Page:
Emoji One Launches 2016 Collection
Today open-source emoji makers Emoji One, first launched in September 2014, updated their set of emoji images in a project known as Emoji One: "The 2016 Collection".
Above: Unicode 8.0 emojis in the 2016 collection: Hugging Face, Bottle With Popping Cork, Sign of the Horns, and Crab.
This update includes all the emojis in the Unicode Standard which have become familiar to users of iOS since Apple's latest update in October.
In addition, all images from the first release of Emoji One have been updated with a more detailed visual style.
Above: Wrapped Present Emoji: The new 2016 version is shown on the right.
Emoji One joins Twemoji, the open source emoji project from Twitter, in supporting full emoji functionality. This includes:
- Unicode 1.1 — Unicode 8.0 Emoji support
- Emoji Modifiers for skin tone color changes
- Flags for supported countries
- ZWJ Sequences for same-sex couples and family combinations
Above: Emoji One 2016 supports emojis for the entire Unicode Standard.
Emoji One 2016 uses flat colors, but with a lot of detail included - to the point where you might be forgiven thinking these are shaded bitmaps like Apple's emoji images.
The entire Emoji One set of images have been created using vector graphics, and are distributed as SVGs that can be rendered clearly at any size.
The detail included is really impressive for vector graphics, being sharp and clear at small sizes, but quite detailed when blown up larger.
Smileys have the most familiar appearance, as there's not as much to work with compared to other categories of emoji:
The other human-looking faces use a default-yellow skin tone, unless a modifier is applied. Here's how the default-set appear across recently updated platforms:
The design is quite playful, which was part of the plan according to Emoji One founder Rick Moby:
"We wanted to raise the level of fun. We wanted to be the anti-generic emoji set. Whatever it took to bring out that emotional response. The simple pile of poo for whatever reason took 20+ iterations before we were satisfied enough."
Above: Humans all default to yellow skin tone in Emoji One 2.0.
In particular, the animals are quite adorable. Who knew a spider could be considered cute?
The differences between the first release and this latest 2016 update are most clear in the Travel & Places category where the updated images are more colorful and creative than they were in the past. It might be tempting to skip quickly through some of these, but each has been given a full makeover.
Above: Comparison of old and new Hotel, Convenience Store, and School.
All five modifiers are supported for skin tone changes, which can be applied to the human-looking emoji characters.
Above: Skin tone modifiers are supported in this latest release.
Hair colors on modified emojis are all shades of brown or black, with the exception of Emoji Modifier Fitzpatrick Type-3 which takes Apple's lead in showing blond hair (sorry redheads).
This differs from Windows, which uses dark hair for all skin tones, and Twitter which makes the default-emoji have orange (red) hair.
Above: Sleuth or Spy in The 2016 Collection.
The Sleuth or Spy emoji supports emoji modifiers in this set, even though the Unicode Standard does not currently recommended this.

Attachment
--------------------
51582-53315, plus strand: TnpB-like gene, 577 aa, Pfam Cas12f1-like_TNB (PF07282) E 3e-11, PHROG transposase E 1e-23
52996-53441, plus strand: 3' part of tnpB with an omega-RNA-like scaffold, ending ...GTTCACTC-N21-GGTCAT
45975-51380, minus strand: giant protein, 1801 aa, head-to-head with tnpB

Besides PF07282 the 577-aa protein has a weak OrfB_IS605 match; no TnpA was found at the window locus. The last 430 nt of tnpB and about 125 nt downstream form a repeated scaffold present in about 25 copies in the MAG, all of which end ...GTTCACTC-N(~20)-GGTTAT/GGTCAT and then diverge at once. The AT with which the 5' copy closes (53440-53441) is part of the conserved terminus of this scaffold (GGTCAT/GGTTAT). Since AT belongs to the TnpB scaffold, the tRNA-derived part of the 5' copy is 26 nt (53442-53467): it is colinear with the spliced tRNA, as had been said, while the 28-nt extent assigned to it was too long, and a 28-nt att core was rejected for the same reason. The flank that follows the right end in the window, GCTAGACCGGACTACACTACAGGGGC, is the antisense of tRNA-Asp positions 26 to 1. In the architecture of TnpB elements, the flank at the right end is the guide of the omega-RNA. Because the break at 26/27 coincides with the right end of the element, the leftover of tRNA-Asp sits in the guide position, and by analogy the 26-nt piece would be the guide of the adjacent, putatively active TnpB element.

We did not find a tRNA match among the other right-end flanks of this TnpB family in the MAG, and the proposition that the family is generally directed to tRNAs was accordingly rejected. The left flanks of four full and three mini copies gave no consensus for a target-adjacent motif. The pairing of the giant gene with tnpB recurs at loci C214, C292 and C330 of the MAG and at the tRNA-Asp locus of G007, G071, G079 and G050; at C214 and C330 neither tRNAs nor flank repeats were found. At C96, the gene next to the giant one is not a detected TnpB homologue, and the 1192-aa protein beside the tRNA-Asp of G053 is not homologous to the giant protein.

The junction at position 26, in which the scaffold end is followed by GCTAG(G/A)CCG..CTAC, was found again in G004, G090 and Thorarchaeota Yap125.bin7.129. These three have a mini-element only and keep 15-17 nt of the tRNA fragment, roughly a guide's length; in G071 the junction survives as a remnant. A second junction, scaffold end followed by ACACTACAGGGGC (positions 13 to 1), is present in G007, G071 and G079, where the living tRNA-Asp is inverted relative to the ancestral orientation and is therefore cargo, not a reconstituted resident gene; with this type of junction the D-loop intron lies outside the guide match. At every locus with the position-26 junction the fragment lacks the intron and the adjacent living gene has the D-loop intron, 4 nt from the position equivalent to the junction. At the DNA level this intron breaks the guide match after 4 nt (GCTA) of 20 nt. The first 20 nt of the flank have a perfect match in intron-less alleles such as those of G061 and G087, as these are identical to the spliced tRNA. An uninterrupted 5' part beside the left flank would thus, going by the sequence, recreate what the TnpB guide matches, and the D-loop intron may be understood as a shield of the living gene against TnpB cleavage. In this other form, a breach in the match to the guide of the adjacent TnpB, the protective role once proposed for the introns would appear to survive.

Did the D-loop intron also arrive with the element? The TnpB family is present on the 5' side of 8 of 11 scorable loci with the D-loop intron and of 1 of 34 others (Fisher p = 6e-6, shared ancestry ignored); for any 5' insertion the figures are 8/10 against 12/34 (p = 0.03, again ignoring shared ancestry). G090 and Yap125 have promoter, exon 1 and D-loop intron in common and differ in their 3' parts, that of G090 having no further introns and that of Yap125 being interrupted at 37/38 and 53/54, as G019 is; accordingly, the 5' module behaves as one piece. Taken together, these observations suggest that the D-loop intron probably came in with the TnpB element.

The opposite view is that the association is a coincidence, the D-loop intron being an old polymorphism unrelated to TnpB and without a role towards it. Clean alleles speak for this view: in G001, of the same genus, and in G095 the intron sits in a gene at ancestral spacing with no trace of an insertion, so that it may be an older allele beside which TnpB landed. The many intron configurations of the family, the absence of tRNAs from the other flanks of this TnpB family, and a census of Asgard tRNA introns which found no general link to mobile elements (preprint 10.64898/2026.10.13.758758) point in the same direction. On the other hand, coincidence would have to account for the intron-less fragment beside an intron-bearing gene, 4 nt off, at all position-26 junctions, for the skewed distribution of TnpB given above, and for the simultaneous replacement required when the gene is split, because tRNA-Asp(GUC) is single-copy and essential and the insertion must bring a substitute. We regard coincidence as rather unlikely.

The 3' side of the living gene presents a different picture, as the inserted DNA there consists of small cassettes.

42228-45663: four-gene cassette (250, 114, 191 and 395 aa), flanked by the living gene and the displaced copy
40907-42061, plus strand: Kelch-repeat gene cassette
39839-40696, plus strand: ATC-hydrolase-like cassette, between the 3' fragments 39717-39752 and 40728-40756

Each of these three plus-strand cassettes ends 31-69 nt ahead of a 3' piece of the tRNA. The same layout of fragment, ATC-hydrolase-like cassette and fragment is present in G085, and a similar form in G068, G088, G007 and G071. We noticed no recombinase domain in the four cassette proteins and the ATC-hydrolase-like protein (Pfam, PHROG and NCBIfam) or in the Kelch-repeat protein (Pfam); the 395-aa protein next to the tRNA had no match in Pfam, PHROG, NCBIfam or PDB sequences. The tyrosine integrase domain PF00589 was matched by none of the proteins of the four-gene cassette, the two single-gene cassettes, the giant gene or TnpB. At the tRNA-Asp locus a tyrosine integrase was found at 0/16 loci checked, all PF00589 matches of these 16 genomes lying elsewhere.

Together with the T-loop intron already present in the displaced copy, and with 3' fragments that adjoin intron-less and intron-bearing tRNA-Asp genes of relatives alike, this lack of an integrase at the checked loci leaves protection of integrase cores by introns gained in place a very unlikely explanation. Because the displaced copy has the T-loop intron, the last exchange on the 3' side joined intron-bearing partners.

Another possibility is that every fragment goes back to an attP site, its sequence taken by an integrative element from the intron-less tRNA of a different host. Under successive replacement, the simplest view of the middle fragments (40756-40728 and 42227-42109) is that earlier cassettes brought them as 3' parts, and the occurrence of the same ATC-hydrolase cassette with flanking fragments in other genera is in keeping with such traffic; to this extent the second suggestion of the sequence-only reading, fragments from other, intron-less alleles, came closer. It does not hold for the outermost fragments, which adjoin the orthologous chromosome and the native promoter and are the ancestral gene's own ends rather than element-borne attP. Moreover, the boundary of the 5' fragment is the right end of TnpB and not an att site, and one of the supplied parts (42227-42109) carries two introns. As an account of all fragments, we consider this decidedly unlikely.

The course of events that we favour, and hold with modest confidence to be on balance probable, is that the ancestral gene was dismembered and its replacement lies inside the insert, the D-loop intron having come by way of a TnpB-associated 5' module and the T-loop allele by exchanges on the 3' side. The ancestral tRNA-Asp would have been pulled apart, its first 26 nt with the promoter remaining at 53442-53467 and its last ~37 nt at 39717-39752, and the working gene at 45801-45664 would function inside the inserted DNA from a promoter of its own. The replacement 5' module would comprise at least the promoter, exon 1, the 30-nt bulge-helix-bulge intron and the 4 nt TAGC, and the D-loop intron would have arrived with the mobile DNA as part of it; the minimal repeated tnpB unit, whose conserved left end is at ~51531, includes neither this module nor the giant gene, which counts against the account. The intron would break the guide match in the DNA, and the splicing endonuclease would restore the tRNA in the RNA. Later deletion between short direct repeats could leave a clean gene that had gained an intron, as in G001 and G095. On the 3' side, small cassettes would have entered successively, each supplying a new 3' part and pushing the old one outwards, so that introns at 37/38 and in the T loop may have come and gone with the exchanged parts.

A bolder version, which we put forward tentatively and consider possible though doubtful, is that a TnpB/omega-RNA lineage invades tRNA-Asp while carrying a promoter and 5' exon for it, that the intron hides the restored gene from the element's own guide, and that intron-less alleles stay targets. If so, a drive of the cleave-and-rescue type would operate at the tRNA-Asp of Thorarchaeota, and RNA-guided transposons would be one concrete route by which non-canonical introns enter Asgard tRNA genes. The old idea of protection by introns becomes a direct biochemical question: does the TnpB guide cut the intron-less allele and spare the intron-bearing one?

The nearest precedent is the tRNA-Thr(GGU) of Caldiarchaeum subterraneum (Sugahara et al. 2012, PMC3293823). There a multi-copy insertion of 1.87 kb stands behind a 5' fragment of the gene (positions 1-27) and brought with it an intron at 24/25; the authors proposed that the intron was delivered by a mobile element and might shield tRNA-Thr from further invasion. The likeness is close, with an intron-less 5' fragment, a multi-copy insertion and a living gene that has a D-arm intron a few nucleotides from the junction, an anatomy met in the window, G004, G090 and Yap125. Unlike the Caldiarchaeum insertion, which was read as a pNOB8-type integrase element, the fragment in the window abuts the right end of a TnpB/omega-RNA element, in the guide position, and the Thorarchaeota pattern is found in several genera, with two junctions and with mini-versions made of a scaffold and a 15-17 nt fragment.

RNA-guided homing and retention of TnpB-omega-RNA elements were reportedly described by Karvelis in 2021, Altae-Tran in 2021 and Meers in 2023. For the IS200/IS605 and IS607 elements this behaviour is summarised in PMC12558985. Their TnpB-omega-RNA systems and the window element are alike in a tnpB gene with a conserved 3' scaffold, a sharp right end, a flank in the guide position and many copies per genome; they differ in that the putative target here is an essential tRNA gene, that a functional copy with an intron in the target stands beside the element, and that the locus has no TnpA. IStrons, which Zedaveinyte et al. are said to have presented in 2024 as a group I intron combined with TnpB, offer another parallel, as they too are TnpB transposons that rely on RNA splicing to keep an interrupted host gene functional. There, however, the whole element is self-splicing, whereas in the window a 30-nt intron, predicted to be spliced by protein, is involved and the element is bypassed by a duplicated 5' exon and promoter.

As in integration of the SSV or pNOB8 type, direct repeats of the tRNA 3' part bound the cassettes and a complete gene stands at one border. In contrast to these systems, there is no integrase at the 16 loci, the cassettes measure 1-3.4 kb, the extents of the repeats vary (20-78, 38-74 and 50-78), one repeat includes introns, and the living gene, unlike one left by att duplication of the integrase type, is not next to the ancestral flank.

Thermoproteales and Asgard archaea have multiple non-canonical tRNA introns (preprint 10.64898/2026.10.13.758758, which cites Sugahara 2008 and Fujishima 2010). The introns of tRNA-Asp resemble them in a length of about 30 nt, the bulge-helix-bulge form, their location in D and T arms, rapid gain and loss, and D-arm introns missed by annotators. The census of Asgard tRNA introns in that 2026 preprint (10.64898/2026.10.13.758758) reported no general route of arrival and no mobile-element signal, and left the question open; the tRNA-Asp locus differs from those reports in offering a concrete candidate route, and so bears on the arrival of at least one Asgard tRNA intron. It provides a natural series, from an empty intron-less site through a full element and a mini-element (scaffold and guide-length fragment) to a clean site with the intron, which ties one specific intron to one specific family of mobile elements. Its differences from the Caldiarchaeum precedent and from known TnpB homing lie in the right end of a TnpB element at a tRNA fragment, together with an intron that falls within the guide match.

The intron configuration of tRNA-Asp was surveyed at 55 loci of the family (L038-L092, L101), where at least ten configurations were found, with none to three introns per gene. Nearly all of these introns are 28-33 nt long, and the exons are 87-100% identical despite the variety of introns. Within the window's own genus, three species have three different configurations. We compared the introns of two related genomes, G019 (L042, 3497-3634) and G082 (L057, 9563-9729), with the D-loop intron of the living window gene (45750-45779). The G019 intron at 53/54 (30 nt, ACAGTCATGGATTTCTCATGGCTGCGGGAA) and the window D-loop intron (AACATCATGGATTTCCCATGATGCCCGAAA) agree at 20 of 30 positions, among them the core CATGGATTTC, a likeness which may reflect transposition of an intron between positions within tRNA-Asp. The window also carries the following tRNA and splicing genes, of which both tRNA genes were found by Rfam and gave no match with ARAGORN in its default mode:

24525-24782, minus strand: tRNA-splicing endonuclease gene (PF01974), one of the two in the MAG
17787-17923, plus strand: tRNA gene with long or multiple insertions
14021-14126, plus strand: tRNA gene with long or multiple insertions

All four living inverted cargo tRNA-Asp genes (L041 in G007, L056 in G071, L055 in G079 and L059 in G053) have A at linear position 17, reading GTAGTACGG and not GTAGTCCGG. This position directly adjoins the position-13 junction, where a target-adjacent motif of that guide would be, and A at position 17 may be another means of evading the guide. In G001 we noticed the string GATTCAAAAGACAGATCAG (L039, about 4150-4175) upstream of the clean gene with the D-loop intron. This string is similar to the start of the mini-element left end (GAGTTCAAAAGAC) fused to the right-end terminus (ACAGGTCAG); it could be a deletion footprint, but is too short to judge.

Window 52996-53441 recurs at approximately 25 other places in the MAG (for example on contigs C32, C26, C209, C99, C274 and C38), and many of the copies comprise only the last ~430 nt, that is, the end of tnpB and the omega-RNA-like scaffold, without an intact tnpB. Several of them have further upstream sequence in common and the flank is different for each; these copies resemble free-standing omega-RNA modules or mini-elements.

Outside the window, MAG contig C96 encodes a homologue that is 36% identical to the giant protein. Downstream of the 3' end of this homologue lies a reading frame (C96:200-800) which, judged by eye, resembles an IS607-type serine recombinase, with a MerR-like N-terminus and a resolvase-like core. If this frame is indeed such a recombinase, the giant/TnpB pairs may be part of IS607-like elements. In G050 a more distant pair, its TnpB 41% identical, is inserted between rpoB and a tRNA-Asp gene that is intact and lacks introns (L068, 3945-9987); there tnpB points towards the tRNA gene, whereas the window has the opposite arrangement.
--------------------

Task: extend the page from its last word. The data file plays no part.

The same emoji works on Twitter.com, but will appear with a modifier-square after it on iOS where it's not supported (yet):
257 emoji flags are supported, which is the same number supported by Apple. This covers all of ISO 3166-1 including optional flags such as the EU and Kosovo.
Above: Flags have a custom circular design in the latest Emoji One release.
British countries such as England, Scotland and Wales do not have their own flags, as the proposal to allow for sub-regions has not yet been approved.
Unlike other emoji sets, Emoji One now uses circles for the flags, instead of rectangular designs shown on other platforms.
Families are all included, as are same-sex couples. As with Apple's implementation of these characters, only the default yellow skin tone is permitted.
Above: Family emojis permit a range of combinations.
These use a Zero Width Joiner (ZWJ) sequence to combine multiple other emojis into a single visible character.
There's a lot to see here, but these are the emojis that caught my attention when first looking through the update.
👸 Princess takes on a different appearance to most other platforms.
🐊 Crocodile is very friendly looking, leaving Apple as the only vendor with a photorealistic croc.
🕴 Man in Business Suit Levitating takes a yoga pose.
💩Pile of Poo is shocked.
🖥 Desktop Computer has the latest Emoji One logo on the case.
🏉 Rugby Ball carries the Emoji One name and logo, too.
☃ Snowman and ⛄ Snowman Without Snow get quite distinct appearances:
👞 Mans Shoe is rather classy looking, with a black dress shoe instead of a brown shoe on other platforms:
🕳 Hole has a ladder coming out of it. Makes the emoji clearer (it's not all that obvious on other platforms that this is a hole), but does it change the meaning?
While some of these deviations from the 'regular' emoji sets add interest and are very well designed, it's yet to be seen if any confusion would be caused by those same differences.
Personally, I enjoy the variety Emoji One brings to the table, being in a unique position to do so.
The license for Emoji One now allows free use of the images both on the web, and for print. Attribution is required, but that's it - even for commercial projects.
The Emoji One 2016 Collection is available today on Github. The Emoji One website has also been updated to show off the latest changes, and the whole Emoji One 2016 set can also be viewed on Emojipedia.
Emoji One is a first class citizen in the emojiverse. It features a comprehensive set of all emoji characters and is great option for developers looking to include emoji images in their projects.
The previous release is also available in the emojione-legacy repository ↩︎